Threshold is defined as the laser fluence when the temperature of matrix material with absorbers reaches the critical temperature due to local absorption induced by laser beam. A one-dimensional thermal diffusion model, considering heat conduction as the dominating energy-dissipation mechanism from the laser-heated absorber, was first explored in the context of laser damage by Hopper and Uhlmann [17] and further developed by other authors [1820]. According to the approximation of Feit and Rubenchik [20], assume that absorber thermal conductivity is much higher than the conductivity of the matrix and that the temperature is homogeneous inside the absorber. The temperature of the matrix surrounding the absorbing particle can be found from the heat equation [21] with boundary conditions at (particle radius) where , , and are absorptivity, mass density, and heat capacity of the impurity particle, respectively; and are thermal diffusivity and thermal conductivity of the matrix, respectively; and is laser intensity.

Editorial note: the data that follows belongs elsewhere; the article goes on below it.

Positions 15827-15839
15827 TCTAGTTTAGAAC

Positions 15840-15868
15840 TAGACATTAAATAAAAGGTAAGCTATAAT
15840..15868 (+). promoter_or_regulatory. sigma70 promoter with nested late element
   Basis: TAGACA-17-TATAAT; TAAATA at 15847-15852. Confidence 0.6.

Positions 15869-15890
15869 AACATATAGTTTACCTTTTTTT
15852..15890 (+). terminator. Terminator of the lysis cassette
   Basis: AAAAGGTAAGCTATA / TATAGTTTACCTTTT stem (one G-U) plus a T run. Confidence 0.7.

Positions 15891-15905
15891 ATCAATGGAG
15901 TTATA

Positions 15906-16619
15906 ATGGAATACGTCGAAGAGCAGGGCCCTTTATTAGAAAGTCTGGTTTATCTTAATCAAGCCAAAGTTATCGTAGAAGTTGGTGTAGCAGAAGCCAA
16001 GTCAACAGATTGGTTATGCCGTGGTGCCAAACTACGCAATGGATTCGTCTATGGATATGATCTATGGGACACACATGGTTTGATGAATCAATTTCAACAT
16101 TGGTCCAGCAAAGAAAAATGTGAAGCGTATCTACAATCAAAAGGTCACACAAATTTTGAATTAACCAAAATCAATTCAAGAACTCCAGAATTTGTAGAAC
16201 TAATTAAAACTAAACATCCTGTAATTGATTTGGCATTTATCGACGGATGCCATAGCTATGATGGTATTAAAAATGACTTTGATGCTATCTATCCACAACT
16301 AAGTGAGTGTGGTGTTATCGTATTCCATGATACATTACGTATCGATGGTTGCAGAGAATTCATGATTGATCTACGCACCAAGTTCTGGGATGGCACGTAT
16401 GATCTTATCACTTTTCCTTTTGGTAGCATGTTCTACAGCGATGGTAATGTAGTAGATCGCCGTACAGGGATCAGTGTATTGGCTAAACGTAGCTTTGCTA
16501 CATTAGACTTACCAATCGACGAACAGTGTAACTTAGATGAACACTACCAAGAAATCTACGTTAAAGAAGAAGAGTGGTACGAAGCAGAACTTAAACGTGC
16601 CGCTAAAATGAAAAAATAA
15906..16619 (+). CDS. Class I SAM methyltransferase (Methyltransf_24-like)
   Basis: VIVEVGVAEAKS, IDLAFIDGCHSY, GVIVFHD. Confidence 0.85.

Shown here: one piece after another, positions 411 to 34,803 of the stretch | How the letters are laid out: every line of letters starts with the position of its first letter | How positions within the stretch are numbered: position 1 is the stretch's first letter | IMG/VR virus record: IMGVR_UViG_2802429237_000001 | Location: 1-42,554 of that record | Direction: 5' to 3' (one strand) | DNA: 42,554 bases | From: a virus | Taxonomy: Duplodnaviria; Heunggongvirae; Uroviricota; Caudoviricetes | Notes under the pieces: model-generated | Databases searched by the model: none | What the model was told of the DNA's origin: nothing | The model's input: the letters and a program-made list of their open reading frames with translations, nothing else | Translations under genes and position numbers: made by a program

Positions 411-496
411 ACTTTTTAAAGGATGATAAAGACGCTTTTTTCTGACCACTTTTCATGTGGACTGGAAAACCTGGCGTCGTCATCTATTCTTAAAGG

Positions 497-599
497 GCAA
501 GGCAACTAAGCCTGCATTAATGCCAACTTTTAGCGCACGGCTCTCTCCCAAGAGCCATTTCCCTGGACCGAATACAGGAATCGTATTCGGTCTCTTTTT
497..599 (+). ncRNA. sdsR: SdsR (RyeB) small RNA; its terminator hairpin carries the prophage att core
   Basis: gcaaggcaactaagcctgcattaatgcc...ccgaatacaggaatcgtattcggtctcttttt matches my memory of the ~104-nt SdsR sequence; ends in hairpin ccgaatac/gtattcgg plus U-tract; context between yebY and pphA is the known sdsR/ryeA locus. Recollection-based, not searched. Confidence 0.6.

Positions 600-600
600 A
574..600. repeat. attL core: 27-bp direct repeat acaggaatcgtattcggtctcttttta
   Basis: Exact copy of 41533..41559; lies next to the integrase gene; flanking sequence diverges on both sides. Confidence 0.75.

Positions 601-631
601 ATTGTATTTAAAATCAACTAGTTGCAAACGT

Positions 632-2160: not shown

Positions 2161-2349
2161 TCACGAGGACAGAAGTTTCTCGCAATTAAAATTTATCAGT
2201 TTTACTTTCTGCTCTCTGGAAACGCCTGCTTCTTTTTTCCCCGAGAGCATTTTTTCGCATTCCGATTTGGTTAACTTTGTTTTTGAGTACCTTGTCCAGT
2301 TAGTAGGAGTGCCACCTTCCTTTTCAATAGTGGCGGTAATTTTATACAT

For the rectangular heating pulse of duration , the solution of (5) is [21] where , , and is laser fluence; assuming , the threshold fluence from (7) is

2.2. Electron Avalanche

In semiconductors and insulators, the generation of free carriers in the conduction band is the most notable effect induced by laser radiation. Under the conditions irradiated by high-power laser pulses, the carrier density can reach 1017–1018 cm−3 which is called plasma.

At long wavelengths and for materials with narrow band gaps (e.g., semiconductors), thermal excitation is the dominant carrier generation mechanism [22].

Carriers are also generated by ionization across the band gap. If the photon energy of laser is larger than the band gap of material, carriers are generated very efficiently by a one-photon interband transition.